“The reality is we live in a society where dangerous people commit crimes and pose a serious threat to society. Criminals and violent offenders need to be jailed in a facility that is far away from residences, businesses and schools. I pray for a day when jails are not needed but until then let’s do everything to protect our citizens,” he added.

Schumer Critical Of Obama Cuts For Anti-Terrorism Programs

U.S. Senator Charles Schumer
U.S. Senator Charles Schumer

U.S. Senator Charles E. Schumer said yesterday that the ‎White House’s recently released budget‎ proposal makes dramatic and ill-advised cuts to funding for critical anti-terrorism programs that enable New York law enforcement‎ to prevent and respond to terror attacks.

The Urban Area Security Initiative (UASI), which helps cities to prevent, mitigate, respond to, and recover from acts of terrorism, was recommended for a funding level of only $330 million in the President’s request for Fiscal Year 2017, after being funded at $600 million in Fiscal Year 2016. ‎

Schumer said that the budget request, which cuts UASI nearly in half, is ill-advised and far from adequate, and vowed to fight for an increase in UASI and related anti-terror funds for New York. The UASI program provides funding to address the unique needs of high-threat, high-density urban areas like the New York metropolitan area. Schumer noted that the President has been strong on security in general but this most recent funding cut by bureaucrats was a mistake.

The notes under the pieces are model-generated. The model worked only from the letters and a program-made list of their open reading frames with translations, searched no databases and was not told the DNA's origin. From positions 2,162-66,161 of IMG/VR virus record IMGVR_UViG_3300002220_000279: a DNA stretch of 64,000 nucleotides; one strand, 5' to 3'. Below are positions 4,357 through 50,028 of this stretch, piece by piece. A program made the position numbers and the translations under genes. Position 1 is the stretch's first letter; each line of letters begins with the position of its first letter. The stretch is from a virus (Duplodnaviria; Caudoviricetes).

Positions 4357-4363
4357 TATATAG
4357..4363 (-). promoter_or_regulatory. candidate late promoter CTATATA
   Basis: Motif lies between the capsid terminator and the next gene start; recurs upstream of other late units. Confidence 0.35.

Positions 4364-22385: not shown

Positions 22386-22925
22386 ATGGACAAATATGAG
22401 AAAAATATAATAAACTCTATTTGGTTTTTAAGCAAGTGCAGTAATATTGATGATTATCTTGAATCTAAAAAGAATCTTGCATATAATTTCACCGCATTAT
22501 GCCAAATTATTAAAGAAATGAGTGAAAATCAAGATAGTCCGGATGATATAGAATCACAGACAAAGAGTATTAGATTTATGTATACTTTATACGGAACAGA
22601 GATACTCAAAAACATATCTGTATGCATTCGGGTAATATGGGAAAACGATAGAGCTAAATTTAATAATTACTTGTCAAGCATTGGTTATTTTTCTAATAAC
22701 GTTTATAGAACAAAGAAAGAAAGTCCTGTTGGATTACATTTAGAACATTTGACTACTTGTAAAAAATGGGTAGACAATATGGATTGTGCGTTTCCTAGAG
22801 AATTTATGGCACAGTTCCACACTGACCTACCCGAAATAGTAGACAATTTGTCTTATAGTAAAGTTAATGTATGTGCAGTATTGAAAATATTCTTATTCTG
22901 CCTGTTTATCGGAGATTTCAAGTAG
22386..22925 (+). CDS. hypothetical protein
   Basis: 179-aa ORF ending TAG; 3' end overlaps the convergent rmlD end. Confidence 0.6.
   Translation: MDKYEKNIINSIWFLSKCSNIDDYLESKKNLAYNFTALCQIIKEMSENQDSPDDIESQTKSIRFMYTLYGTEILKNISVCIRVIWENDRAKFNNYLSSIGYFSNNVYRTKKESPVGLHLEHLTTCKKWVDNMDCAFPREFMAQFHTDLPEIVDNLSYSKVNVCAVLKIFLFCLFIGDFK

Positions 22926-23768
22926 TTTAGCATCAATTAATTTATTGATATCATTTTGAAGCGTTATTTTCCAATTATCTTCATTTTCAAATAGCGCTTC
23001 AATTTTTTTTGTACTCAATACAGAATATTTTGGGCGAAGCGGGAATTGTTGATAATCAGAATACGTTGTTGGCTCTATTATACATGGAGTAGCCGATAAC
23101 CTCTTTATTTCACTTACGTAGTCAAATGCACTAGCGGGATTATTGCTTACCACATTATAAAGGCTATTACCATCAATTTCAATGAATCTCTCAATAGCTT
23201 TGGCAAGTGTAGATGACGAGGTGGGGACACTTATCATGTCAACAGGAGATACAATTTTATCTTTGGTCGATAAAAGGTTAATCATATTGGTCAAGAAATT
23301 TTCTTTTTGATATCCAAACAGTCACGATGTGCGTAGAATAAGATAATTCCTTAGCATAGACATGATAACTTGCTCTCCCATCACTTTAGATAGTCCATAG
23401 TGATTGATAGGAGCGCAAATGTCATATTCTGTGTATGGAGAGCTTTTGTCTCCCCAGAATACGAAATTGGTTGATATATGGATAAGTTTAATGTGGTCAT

“In light of recent attacks in Paris and San Bernardino, and the vow by our extremist enemies to launch more attacks on our shores, it makes no sense for bureaucrats in Washington to propose cuts to vital terror-prevention programs like UASI,” said Schumer. “New York City remains terror target #1 and the NYPD relies on these programs to keep us safe — something they have done a very good job of since 9-11.”

“These proposed cuts are ill-advised and ill-timed and they must be reversed. End of story,” Schumer added. “UASI is the cornerstone of effective preparedness and prevention against terror attacks; it enables the NYPD to do all it can to keep New Yorkers safe and secure. With ISIS-inspired attacks and terrorism on the rise all across the globe, we must make sure that America has the resources it needs to remain protected. I will fight tooth and nail in Congress to make sure that UASI funds are increased in New York City and across the country.”  

Donovan, Schumer On Passing Of Supreme Court Justice Scalia

Southern Brooklyn/Staten Island Congressman Dan Donovan and U.S. Senator Charles Schumer mourned the sudden death of U.S. Supreme Court Justics Antonin Scalia yesterday.

Scalia, 79, was found dead on a Texas Ranch  Bay Ridge yesterday. He was appointed to the Supreme Court By President Ronald Reagan in 1986, and although he maintained conservative views of the constitution, he was recognized as an honroable, smart and very capable Supreme Court Justice.